A list of peptides, polypeptides, polymers, biopolymers and proteins that have an affinity to bind fibrinogen and fibrin are found in U.S. Pat. No. 8,513,380 and is hereby incorporated in its entirety by reference. U.S. Pat. No. 8,513,380 also disclose the means of manufacture and the means to discover additional peptides when applied in practice.


Phospholipids that have an affinity to bind to cancer cells are found in U.S. Pat. No. 4,935,520 and is hereby incorporated in its entirety by reference. U.S. Pat. No. 4,935,520 also disclose the means of manufacture and the means to discover additional peptides when applied in practice.


The present invention is designed to target the inherent differences between malignant and benign cells within a tumor such as: cell density, cellular and nuclear pleomorphism, the nuclear to cytoplasmic ratio, DNA density, nuclear density, and any other useful differentiation between cells and tumors alike.


An embodiment of the present invention selects targeting molecules that have a greater affinity to bind to malignant tumors and at the same time minimizes binding to benign tumors and healthy tissue; to these are added chemical moieties that allow them to be detected by various means such as an MRI, X-ray, ultrasound, chromatically visible to the eye, and any other useful means of detection.


A radio-opaque targeting molecule is created by adding a radio-opaque moiety onto a peptide, polypeptides, polymers, proteins, biopolymers and phospholipids. The present invention utilizes heavy elements as a source of radio-opaque substances such as: iodine, bromine, calcium, barium, strontium, bismuth, tungsten, zirconium, iron, copper, nickel, zinc, silver, tin, gallium, antimony, palladium, rhodium, yttrium, molybdenum, cobalt, chromium, titanium, vanadium, magnesium, gold, platinum, and iridium and any other radiographically visible substance. These radio-opaque substances can be used in their elemental form, as a salt, bound in chelated form, or as an organometallic compound. Any radio-opaque moiety that can be attached to a targeting molecule that does not inhibit the resultant compound's ability to collect and bind to cancer cells is within the scope of this patent.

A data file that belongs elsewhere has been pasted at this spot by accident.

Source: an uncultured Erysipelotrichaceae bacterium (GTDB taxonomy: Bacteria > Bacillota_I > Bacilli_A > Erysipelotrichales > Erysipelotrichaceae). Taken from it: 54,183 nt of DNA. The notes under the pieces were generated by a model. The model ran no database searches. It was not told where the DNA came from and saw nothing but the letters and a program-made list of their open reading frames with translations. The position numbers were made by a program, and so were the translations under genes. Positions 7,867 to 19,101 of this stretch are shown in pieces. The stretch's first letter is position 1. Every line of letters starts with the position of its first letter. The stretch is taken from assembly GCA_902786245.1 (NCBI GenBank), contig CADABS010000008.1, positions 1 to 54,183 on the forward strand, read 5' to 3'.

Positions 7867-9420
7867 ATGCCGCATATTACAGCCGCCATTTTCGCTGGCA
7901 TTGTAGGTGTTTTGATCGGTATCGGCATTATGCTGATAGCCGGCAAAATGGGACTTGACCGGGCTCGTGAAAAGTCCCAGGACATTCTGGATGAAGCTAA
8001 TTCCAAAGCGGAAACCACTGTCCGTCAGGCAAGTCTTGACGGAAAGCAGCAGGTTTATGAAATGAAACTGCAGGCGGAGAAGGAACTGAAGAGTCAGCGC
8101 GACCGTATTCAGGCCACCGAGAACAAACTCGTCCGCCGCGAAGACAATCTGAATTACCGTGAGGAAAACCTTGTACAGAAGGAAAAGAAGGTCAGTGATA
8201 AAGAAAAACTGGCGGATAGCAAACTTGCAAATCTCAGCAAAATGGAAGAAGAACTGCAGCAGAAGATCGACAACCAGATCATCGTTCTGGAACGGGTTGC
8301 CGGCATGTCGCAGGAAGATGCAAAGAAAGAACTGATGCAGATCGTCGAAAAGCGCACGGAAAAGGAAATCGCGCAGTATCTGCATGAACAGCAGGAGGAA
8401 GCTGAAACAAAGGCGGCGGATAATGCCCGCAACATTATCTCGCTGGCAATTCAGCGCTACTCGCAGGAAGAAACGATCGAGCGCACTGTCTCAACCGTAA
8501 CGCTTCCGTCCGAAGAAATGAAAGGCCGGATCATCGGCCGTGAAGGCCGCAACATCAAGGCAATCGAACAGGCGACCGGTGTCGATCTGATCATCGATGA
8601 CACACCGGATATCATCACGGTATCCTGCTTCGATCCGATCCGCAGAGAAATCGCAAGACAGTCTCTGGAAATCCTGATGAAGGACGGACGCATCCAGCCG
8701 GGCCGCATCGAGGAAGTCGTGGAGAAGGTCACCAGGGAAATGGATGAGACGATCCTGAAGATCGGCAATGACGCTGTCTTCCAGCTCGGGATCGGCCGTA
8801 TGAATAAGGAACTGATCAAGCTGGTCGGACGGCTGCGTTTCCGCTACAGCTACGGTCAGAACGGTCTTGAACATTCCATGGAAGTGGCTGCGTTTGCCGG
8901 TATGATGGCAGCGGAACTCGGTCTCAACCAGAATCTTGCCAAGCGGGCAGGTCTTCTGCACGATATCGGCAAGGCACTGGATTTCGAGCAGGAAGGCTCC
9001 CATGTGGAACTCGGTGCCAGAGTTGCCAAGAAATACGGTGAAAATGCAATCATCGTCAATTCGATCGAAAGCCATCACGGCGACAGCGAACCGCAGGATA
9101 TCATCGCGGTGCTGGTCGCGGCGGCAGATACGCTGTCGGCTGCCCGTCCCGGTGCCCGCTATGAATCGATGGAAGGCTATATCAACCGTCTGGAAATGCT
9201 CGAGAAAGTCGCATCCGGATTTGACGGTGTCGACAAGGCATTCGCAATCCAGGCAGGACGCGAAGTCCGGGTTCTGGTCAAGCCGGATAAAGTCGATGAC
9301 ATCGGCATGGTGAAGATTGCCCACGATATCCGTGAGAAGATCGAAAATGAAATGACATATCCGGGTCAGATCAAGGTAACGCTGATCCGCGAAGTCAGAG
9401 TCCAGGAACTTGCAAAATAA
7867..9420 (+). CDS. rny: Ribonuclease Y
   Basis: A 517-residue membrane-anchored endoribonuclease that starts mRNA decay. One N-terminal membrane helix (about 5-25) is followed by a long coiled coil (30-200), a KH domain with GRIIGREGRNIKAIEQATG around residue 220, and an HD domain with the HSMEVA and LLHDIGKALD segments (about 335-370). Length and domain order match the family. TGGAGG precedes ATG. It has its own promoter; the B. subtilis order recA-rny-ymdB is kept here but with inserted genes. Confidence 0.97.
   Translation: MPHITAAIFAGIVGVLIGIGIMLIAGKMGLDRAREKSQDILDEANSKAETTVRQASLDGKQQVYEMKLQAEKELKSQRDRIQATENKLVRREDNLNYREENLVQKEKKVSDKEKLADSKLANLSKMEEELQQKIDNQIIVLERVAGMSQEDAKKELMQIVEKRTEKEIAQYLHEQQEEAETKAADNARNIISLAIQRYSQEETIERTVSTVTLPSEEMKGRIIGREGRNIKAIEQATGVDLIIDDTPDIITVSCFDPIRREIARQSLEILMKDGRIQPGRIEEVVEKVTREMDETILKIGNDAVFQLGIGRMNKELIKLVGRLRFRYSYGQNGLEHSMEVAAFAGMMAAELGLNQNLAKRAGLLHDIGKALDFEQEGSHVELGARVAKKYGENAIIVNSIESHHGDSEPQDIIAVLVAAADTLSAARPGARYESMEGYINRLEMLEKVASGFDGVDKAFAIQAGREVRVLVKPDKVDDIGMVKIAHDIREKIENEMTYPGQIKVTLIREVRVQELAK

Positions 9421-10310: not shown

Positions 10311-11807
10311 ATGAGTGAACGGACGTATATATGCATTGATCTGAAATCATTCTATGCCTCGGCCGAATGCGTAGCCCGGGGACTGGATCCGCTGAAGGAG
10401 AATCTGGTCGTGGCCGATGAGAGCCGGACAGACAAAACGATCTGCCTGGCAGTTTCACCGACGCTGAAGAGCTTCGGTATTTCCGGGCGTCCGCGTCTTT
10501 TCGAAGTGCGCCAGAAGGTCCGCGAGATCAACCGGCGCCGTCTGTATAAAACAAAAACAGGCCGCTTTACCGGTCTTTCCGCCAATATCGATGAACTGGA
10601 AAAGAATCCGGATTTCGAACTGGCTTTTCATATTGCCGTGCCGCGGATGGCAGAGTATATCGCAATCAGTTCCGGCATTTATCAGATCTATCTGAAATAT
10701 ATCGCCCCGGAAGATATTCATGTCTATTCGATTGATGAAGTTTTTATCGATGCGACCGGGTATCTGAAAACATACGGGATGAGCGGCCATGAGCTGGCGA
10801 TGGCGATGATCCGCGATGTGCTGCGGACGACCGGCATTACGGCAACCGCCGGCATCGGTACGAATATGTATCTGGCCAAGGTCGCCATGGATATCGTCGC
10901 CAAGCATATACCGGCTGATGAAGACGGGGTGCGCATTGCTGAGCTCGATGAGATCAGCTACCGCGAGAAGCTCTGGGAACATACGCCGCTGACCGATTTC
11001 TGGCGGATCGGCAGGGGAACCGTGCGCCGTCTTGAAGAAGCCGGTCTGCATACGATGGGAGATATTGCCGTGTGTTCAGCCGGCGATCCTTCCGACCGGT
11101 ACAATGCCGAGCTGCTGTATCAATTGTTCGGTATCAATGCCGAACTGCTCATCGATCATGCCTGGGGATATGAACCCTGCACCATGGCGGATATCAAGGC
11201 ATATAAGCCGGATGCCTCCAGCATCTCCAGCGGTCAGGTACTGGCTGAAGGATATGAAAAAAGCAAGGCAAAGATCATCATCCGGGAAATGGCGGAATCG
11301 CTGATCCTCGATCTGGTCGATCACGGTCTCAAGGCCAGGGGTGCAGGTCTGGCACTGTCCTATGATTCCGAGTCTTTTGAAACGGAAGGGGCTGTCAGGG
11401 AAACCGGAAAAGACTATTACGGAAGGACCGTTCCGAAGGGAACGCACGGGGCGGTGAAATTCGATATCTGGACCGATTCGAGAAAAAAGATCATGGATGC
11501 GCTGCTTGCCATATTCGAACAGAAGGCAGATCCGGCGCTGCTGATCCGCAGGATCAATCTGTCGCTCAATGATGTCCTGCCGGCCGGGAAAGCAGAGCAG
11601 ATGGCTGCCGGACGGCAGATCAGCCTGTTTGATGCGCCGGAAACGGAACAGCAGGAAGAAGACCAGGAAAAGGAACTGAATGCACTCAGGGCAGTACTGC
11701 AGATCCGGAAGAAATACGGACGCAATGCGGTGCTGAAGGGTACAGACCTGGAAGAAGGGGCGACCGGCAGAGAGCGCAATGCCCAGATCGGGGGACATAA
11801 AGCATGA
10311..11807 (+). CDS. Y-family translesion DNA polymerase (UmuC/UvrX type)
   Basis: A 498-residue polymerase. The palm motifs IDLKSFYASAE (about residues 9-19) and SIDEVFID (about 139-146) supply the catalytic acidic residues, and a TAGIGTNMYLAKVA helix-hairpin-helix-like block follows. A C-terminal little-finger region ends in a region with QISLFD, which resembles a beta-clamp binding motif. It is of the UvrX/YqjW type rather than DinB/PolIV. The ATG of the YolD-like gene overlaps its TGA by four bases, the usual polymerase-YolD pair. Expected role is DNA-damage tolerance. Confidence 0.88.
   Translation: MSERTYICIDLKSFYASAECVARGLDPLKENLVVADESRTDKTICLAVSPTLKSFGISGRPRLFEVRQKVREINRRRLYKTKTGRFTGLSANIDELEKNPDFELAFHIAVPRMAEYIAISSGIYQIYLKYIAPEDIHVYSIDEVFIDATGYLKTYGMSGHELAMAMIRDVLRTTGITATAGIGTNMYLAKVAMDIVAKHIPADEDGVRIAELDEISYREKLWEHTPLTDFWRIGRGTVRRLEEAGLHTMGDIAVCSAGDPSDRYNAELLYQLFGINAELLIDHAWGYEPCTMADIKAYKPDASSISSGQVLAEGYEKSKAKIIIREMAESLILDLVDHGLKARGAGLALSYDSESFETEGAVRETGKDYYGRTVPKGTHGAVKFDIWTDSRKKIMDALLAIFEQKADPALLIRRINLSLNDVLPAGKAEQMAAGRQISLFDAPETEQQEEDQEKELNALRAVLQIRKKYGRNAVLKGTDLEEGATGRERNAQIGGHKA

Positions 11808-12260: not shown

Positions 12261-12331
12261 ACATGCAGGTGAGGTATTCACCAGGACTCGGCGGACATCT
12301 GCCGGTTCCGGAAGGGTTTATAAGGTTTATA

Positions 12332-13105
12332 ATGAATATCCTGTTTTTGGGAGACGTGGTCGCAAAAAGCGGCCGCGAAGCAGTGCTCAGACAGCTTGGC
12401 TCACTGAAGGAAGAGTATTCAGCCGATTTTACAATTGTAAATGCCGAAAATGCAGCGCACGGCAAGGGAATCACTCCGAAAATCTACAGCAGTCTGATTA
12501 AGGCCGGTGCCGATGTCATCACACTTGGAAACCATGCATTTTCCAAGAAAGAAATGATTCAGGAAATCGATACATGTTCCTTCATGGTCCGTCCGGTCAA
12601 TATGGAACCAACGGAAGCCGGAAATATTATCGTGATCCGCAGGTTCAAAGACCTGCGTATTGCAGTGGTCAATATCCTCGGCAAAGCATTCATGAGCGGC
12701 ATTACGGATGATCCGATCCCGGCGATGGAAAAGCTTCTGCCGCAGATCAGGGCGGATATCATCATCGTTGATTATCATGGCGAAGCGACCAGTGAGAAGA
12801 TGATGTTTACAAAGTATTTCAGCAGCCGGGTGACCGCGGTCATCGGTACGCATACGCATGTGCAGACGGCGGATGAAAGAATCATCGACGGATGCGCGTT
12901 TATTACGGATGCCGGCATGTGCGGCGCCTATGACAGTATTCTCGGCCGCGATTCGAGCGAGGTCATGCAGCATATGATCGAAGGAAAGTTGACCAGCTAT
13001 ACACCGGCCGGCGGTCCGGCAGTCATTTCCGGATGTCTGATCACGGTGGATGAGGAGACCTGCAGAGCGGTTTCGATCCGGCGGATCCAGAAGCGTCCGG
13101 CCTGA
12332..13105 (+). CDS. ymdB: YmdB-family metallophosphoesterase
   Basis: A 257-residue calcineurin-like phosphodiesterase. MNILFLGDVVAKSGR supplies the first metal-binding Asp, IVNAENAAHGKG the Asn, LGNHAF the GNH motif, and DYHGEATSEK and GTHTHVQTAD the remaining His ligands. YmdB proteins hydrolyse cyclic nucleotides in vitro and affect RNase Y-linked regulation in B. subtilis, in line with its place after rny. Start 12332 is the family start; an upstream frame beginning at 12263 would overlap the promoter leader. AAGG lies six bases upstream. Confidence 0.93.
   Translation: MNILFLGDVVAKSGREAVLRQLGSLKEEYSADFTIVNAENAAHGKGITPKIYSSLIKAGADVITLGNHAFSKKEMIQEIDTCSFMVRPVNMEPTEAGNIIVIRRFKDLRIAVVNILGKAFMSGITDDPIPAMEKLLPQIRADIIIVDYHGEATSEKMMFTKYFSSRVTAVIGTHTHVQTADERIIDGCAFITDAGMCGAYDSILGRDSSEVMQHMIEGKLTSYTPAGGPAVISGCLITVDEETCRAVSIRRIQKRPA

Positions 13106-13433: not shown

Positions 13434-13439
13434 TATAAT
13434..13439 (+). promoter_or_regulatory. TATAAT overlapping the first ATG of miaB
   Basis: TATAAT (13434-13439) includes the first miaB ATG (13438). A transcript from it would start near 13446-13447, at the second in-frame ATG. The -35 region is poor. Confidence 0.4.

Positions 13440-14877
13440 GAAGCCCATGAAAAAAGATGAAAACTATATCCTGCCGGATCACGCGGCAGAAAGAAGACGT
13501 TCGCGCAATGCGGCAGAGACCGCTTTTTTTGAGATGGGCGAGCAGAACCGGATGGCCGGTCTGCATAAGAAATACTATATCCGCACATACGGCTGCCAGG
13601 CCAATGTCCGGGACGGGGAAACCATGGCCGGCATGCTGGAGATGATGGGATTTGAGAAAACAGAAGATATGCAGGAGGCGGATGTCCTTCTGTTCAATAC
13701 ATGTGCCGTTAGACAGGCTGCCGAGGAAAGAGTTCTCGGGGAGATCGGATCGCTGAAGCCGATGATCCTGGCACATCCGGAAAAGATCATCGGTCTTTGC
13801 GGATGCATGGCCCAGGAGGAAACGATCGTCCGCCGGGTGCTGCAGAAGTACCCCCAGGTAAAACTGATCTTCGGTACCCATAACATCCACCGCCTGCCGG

A MRI detectable targeting molecule is created by adding a MRI contrasting moiety onto a peptide, polypeptides, polymers, proteins, biopolymers and phospholipids. The present invention utilizes gadolinium, iron oxides, iron platinum, manganese, and any other MRI contrastable agent as MRI contrasting moieties. These MRI contrasting moieties can be used in their elemental form, as a salt, bound in chelated form, or as an organometallic compound. Any MRI contrasting moiety that can be attached to a targeting molecule that does not inhibit the resultant compound's ability to collect and bind to cancer cells is within the scope of this patent.


A chromatic targeting molecule is created by adding a chromatic moiety onto a peptide, polypeptides, polymers, proteins, biopolymers and phospholipids. The present invention utilizes: conjugated organic compounds, organometallic compounds and any other useful compounds of color. Any chromatic moiety that can be attached to a targeting molecule that does not inhibit the resultant compound's ability to collect and bind to cancer cells is within the scope of this patent.


A targeting molecule that is detectable by ultrasound is created by adding a hollow nano-sphere moiety onto a peptide, polypeptides, polymers, proteins, biopolymers and phospholipids.

Claims
  • 1. Detectable molecules that target and bind to malignant tumors and not benign tumors.
CROSS-REFERENCES TO RELATED APPLICATIONS

This application claims the benefit of PCT Application No. PCT/US2017/058276, filed Oct. 25, 2017, which is a non-provisional of U.S. Provisional Application No. 62/412,948 filed on Oct. 26, 2016, which is hereby incorporated by reference in its entirety.

PCT Information
Filing Document Filing Date Country Kind
PCT/US17/58276 10/25/2017 WO 00
Provisional Applications (1)
Number Date Country
62412948 Oct 2016 US